Python lets you create a function on the go, but without really assigning a name to the function. These “anonymous” functions are called “Lambda Functions”. One typically writes a lambda function on the fly, if one wants to write a function for one-time use. Lambda Functions come handy in a variety of situations and are of great use in the Python’s built-in functional commands like Map, reduce and Filter. Let us first understand the basics of Lambda Functions.

Ordinarily, if one wants to write a function in Python, we define and write it as follows.

def my_add(a,b): return(a+b)

The above very simple function is your own version of a function to add two variables and one can call it as my_add(1,3) anytime. One can also write a lambda function to add two variables.

lambda a, b: a+b

One can see that the lambda function is pretty similar to the regular function except that it does not have a name, “def” to define a function and no return statements. The lambda function is written in a single line. One can assign a lambda function to a variable and use it later. For example, we can assign the lambda function to add two numbers to a variable “plus” and use plus(a,b) to execute the lambda function.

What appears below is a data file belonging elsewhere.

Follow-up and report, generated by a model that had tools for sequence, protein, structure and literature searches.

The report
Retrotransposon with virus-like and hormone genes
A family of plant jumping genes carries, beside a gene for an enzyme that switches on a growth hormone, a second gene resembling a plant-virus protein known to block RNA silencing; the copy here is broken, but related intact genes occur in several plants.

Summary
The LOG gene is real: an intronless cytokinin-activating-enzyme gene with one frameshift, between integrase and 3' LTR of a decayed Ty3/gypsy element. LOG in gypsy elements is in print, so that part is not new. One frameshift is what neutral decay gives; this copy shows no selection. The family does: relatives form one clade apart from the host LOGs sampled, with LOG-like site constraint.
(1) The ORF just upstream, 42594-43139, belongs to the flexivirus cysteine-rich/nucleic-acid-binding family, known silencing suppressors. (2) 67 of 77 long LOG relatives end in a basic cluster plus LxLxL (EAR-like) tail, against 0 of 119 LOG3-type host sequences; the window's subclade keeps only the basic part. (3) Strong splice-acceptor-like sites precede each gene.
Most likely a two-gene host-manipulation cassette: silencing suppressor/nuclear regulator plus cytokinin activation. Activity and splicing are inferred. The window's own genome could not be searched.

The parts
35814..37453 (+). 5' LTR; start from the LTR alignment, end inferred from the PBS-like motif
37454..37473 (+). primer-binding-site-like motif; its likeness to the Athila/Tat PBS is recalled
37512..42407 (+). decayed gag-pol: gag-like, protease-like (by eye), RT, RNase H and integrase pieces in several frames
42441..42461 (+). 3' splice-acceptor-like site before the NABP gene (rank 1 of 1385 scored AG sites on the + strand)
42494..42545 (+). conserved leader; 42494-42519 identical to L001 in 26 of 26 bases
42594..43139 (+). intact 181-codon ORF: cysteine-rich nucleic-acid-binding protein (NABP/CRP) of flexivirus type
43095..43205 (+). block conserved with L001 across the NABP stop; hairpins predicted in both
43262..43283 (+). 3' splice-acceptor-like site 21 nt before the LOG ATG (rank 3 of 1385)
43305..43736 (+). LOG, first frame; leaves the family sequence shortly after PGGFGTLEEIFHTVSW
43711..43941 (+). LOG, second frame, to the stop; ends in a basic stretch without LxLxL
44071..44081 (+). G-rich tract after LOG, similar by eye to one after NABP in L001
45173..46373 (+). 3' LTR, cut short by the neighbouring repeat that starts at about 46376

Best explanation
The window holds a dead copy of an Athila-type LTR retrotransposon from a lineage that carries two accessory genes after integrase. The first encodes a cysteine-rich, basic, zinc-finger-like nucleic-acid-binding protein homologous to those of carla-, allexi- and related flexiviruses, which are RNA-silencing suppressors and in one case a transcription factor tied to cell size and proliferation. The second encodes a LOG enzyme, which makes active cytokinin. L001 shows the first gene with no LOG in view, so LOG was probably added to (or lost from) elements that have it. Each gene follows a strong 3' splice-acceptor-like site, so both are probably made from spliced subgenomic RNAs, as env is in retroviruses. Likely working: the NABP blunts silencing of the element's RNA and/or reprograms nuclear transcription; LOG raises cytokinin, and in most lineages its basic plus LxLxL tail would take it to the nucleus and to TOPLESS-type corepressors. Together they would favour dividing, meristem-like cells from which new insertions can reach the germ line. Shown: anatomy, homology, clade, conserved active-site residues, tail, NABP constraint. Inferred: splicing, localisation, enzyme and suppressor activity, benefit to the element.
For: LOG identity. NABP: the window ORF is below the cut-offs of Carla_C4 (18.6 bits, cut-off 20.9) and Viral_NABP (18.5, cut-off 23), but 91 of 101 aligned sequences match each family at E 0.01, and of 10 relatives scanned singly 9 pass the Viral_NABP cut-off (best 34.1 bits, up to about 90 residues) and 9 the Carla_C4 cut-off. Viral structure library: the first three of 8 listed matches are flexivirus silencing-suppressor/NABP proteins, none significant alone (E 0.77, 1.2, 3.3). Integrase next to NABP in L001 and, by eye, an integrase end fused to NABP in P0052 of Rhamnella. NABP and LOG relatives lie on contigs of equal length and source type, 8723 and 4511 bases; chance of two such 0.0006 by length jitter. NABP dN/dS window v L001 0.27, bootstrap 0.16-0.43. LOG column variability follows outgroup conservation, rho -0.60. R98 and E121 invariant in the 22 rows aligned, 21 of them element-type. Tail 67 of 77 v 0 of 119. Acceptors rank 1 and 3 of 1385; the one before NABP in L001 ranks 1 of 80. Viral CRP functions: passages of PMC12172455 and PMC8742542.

The power of lambda function can be realized only when it is used as part of another function. In combination with Python’s built-in functional programming commands, the lambda functions will be of great use.

Although typically lambda function is used anonymously, one can assign it to a variable and use the function with the variable name. For example, we can

>f = lambda a, b: a+b >f(1,2) 3

The benefit of lambda functions are easily visible when used with python functions map, filter, and reduce.

>my_list = range(20)

# Using lambda function with `map()`

>map(lambda x: x*2, my_list)

# Using lambda function with `filter()`

>filter(lambda x: x >10, my_list)

# Using lambda function with `reduce()`

>reduce(lambda x, y: x+y, my_list)